EDF's plans to improve emergency cooling systems and to reinforce the basemat of the reactor at unit 1 of the Fessenheim plant are "satisfactory" to meet requirements for its continued operation, the French nuclear regulator said.
|ASN inspectors at Fessenheim (Image: ASN)
The French Nuclear Safety Authority (Autorité De Sûreté Nucléaire, ASN) ruled in July 2011 that the country's oldest operating nuclear power reactor, Fessenheim 1, can be operated for ten more years provided it complies with requirements. Chief amongst these are a requirement to strengthen the unit's concrete basemat, which must be completed before 30 June 2013, and a requirement to make improvements to systems for removing residual power in the case of a loss of cooling function, to be completed before the end of 2012.
Following a site inspection on 11 December, the ASN said that progress on the additional cooling capabilities is "satisfactory" and that all the necessary documentation for the use of the system should be in place by the end of the year, when the system should be operational.
The ASN has also reviewed documentation submitted by plant operator EDF on its plans to reinforce the basemat of Fessenheim 1. The 1.5-metre thick concrete basemat must be strengthened to make it more resistant to corium - a mixture of molten cladding, fuel, and structural steel formed in the event of a serious accident involving the melting of fuel in the reactor.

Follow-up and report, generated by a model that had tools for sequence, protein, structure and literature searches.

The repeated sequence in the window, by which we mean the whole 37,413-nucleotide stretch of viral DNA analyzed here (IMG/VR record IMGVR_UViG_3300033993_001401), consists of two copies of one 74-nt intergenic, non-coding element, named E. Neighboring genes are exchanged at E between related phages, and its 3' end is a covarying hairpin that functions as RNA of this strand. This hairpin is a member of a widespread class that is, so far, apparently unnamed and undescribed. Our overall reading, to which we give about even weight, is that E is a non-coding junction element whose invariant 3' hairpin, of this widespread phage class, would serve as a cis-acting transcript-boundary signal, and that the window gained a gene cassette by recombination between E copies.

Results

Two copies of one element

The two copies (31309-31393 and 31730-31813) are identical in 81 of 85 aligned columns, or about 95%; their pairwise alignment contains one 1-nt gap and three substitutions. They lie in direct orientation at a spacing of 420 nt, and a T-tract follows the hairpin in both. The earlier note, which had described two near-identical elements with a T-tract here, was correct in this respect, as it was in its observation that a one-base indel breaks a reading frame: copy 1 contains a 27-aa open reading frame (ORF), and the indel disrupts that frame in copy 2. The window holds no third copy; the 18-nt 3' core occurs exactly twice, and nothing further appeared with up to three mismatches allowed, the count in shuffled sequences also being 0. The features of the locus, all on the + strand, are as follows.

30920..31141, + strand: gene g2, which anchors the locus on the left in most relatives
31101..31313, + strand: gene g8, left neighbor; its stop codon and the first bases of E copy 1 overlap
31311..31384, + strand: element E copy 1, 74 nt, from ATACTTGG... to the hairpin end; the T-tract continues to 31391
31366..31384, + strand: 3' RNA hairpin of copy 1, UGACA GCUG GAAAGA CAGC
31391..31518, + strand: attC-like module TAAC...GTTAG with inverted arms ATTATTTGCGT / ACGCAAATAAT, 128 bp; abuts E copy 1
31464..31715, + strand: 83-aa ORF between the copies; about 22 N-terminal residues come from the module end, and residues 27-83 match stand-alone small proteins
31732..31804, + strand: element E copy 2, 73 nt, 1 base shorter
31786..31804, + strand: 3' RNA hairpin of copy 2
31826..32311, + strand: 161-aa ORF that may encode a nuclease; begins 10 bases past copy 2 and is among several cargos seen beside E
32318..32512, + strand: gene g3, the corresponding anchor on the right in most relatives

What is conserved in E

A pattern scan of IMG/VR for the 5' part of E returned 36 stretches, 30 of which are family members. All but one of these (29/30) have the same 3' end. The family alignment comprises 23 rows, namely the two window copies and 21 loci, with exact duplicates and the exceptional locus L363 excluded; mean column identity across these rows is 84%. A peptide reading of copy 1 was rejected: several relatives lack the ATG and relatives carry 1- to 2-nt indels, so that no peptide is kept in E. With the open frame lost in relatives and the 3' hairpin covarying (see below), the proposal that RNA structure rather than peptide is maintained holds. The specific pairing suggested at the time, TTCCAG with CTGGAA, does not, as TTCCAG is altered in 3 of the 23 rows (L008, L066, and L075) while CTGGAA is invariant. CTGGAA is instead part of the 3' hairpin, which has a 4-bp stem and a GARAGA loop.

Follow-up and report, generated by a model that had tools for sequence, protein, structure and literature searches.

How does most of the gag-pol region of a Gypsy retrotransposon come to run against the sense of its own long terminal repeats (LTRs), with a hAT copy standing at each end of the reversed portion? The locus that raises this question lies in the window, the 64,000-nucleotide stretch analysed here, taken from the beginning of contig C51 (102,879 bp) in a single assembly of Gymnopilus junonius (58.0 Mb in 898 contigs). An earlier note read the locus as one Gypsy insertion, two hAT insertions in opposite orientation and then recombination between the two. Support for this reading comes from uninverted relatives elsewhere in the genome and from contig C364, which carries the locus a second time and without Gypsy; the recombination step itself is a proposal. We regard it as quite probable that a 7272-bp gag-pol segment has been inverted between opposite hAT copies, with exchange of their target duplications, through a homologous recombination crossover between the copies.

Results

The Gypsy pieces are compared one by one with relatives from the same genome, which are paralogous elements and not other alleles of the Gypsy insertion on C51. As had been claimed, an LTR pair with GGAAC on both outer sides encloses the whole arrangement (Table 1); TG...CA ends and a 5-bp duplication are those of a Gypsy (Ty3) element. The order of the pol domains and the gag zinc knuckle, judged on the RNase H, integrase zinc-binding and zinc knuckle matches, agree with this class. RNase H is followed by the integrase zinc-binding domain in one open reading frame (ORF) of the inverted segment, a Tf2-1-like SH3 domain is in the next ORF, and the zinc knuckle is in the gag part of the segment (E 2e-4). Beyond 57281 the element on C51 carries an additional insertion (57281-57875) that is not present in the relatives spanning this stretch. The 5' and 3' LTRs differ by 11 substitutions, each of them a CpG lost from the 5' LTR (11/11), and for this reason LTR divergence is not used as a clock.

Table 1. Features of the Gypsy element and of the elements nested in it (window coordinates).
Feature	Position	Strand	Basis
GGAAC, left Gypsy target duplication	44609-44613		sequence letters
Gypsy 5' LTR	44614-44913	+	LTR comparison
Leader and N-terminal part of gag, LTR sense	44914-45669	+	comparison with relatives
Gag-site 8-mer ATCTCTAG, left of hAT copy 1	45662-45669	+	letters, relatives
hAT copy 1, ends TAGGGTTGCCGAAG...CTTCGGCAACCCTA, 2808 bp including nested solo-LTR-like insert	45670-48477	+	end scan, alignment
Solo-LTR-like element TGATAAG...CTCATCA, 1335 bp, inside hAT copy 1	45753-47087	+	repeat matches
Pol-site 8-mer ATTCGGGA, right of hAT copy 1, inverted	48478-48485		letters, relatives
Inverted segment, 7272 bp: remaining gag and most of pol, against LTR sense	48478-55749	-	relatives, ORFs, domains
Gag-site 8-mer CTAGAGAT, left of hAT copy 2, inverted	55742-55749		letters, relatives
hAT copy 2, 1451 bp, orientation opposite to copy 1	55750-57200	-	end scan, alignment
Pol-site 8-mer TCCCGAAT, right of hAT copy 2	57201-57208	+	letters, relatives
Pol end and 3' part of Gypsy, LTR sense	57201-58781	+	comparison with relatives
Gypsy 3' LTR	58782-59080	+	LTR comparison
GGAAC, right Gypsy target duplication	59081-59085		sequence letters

EDF plans to thicken the basemat by 50cm, as well as to increase its surface area by allowing corium to flow from the reactor pit through a purpose-built channel into an adjacent room, the floor of which will also be thickened. EDF developed its plan based on an analysis by the Institute for Radiation Protection and Nuclear Safety (IRSN).
The ASN has now approved these plans, but requested that EDF submit details of the proposed radiation protection for workers performing the work. In addition, it noted that the IRSN had warned that if water were to be present in the reactor pit, the spread of corium would be disrupted. The ASN therefore recommended that EDF takes the necessary steps to ensure water cannot enter this area. It also asked EDF to pay particular attention to the chemical composition of the concrete that will be used for thickening the basemat.
President Francois Hollande, who was elected in May on a promise to reduce the share of nuclear energy in the mix to about 50% by 2025, has already decided that Fessenheim 1 should close in 2016, effectively over-ruling the prior decision by the ASN. A national debate is underway to discuss France's 'energy transition', the results of which will be used in formulating a new energy policy bill in mid-2013. However, until confirmation of that 2016 shutdown date, the Fessenheim plant must still comply with the safety requirements set by the regulator for continued operation.
The first of Fessenheim's two 880 MWe pressurized water reactors entered commercial service in 1977, followed several months later by the second unit in early 1978. The third ten-yearly inspection of Fessenheim 2 was completed in March 2012. The ASN said that it would be in a position in the first half of 2013 to rule on the continued operation of that unit.
Researched and written
by World Nuclear News